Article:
A medical research librarian will develop and execute the literature searches, which will be peer-reviewed by a second research librarian. We will search MEDLINE, Embase and CINAHL to identify English-language literature (existing systematic reviews [ESRs] and primary studies) published between 2005 and the present. The literature searches of the previous review were completed in November 2005. We will supplement our searches by examining the reference lists of other previously published reviews, meta-analyses, primary studies, and studies suggested by experts. A Supplemental Evidence and Data for Systematic review (SEADS) portal will be available for this review. Additional articles suggested to us from any source, including peer and public review, will be screened applying identical eligibility criteria.
While the draft report is under peer review and open for public comment, we will update the search and incorporate any eligible studies identified either during that search or through peer or public reviews into the final report.
Process for Study Selection
Given the number of outcomes and comparisons of interest and the time that has elapsed since the last comprehensive report on this subject, we will use a combination of methods to identify and synthesize the evidence. This will include using ESRs and, where appropriate, summarizing newer evidence alongside ESRs.
First, we will screen the titles and abstracts of all records identified in the searches against the inclusion and exclusion criteria. Since we expect the literature searches to yield a high number of citations, we will develop, pilot, and use a single screen process (one reviewer) at this stage to identify clearly ineligible records based on keywords (e.g., animal, preterm, ovarian, depression) if necessary. Two reviewers will independently review all remaining titles and abstracts. Because we plan to use ESRs where possible, we will code all tentatively included citations according to their outcome and study design (i.e., ESR or primary study).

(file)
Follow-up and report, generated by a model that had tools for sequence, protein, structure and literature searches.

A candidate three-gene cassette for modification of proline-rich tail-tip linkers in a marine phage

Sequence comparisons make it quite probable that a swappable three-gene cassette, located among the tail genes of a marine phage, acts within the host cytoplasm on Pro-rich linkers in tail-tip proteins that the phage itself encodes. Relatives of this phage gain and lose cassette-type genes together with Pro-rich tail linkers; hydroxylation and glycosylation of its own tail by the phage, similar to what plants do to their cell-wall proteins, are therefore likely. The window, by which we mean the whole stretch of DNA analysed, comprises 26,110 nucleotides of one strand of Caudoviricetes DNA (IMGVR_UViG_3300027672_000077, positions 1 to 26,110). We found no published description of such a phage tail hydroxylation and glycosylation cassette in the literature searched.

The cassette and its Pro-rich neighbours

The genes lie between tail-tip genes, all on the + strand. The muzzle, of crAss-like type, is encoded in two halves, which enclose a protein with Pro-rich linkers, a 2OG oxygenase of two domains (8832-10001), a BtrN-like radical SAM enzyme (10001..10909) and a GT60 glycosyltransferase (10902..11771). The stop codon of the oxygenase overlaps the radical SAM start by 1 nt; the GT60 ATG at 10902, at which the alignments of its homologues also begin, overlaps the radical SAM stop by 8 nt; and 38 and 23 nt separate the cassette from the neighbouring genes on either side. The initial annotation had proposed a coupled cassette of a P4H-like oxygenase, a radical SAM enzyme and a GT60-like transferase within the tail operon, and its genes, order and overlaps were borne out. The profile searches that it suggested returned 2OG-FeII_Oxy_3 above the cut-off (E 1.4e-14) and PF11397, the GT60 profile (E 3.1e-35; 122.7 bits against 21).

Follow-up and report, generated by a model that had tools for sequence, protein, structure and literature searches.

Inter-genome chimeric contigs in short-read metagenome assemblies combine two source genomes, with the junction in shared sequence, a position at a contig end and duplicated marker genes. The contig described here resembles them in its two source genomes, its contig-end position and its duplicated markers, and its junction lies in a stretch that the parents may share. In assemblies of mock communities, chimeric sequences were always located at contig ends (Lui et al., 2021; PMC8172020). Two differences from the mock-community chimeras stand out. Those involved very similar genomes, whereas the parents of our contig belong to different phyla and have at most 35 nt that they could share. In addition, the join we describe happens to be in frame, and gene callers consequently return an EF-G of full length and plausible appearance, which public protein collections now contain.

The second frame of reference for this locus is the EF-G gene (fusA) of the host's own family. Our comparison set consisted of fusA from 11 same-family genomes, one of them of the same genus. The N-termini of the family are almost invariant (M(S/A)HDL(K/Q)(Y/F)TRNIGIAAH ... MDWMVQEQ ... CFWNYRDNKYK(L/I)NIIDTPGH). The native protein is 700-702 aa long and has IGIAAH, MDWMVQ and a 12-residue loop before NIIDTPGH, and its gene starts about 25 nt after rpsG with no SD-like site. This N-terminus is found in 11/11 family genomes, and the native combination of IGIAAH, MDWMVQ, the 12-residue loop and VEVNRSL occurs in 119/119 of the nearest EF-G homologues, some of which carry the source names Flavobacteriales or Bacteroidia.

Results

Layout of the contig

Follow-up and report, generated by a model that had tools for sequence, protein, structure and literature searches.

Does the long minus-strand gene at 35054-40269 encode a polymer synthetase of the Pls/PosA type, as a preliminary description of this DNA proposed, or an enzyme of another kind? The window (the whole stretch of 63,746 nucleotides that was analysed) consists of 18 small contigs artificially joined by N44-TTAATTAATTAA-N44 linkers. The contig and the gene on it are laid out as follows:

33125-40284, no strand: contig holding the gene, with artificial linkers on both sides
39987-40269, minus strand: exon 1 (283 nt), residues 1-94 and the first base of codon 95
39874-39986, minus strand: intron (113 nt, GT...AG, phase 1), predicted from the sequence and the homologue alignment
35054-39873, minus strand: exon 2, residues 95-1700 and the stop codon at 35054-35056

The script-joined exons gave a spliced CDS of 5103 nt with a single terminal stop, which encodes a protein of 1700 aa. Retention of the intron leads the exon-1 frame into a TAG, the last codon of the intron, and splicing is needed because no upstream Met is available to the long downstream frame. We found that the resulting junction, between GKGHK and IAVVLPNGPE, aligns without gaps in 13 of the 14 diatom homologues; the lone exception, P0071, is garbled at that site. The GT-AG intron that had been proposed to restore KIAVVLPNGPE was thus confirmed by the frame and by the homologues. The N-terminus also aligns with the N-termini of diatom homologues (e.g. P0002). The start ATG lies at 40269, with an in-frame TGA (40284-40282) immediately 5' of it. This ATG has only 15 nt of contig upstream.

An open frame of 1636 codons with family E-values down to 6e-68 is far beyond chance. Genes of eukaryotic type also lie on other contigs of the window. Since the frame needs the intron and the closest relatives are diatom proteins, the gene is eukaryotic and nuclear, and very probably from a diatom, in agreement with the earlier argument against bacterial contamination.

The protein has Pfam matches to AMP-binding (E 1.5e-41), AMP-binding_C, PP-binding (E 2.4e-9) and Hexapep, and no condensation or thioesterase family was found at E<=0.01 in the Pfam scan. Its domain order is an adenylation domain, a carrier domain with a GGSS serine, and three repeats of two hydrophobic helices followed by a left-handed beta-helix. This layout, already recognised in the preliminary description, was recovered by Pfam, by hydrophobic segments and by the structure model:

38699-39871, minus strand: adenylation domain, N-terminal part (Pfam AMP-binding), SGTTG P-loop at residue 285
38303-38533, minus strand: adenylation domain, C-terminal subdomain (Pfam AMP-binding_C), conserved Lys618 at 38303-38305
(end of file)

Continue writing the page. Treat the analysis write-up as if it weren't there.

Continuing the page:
Once the title and abstract screening stage is complete, two reviewers will independently assess the full text of all publications identified during title and abstract review prioritizing the review of ESRs first and primary studies if necessary. All full-text articles will be coded for tentative inclusion or exclusion, including reasons for exclusion.
We will first triage full-text articles by outcome and according to study design (i.e., ESR or primary study). We will consider two scenarios in the use of ESRs: (1) using an ESR’s results only or (2) using an ESR’s results plus a “bridge” search for newer evidence and/or results for additional comparison(s). In the former example and in the case of no incorporation of new primary evidence, the results of an ESR will be presented as reported by review authors with no updating of the primary evidence or re-analysis of results. In the latter scenario, part of the ESR may be used as a starting point for an update to the evidence, with additional searching to bridge the gap in time between the ESR’s last search date and the present and/or to address additional comparisons not included in the base ESR.46,47 Our determination of whether incorporation of newer primary evidence is necessary will be based on the recency of the ESR’s last search date and the certainty of the underlying strength of the evidence (based on the limitations, directness, consistency, and precision as discussed below).
In instances where we identify more than one ESR that addresses a particular outcome and/or comparison, we will identify one review that represents the most current, credible, and applicable evidence for each outcome-by-comparison of interest. These reviews will serve as the basis for the main findings. Other ESRs will be coded for exclusion as being superseded by a more recent ESR. To select an ESR for each outcome-comparison pair, we will abstract minimal pertinent information about each review, including the last search date, number of included studies, and all PICOTS criteria. When comparing ESRs for the same outcome-comparison, we will use the following criteria to determine which ESR to include:
- Dates of search;
- Relevance of inclusion/exclusion criteria to our review criteria (i.e., based on included study designs, population, comparators, countries, and outcomes);
- Number of included studies; and/or
- Credibility of review (see Assessment of Methodological Risk of Bias).
We will not compare the included studies within each review to evaluate comprehensiveness, concordance, or discordance in the included primary evidence except in cases where the search dates and eligibility criteria are nearly identical.
In cases where there is no recent ESR or there is a signal that newer evidence might change the findings of the ESR (e.g., based on the design or size of the study or magnitude of relative association) we will review all primary literature identified in our search for that outcome-comparison.
All stages of study selection will be conducted in DistillerSR (Evidence Partners, Ottawa, Canada). We will keep detailed records of inclusion and exclusion decisions to report reasons for full-text exclusions for both ESRs and primary studies. Disagreements will be resolved by team discussion and consensus.
Assessment of Methodological Risk of Bias of Systematic Reviews and Individual Studies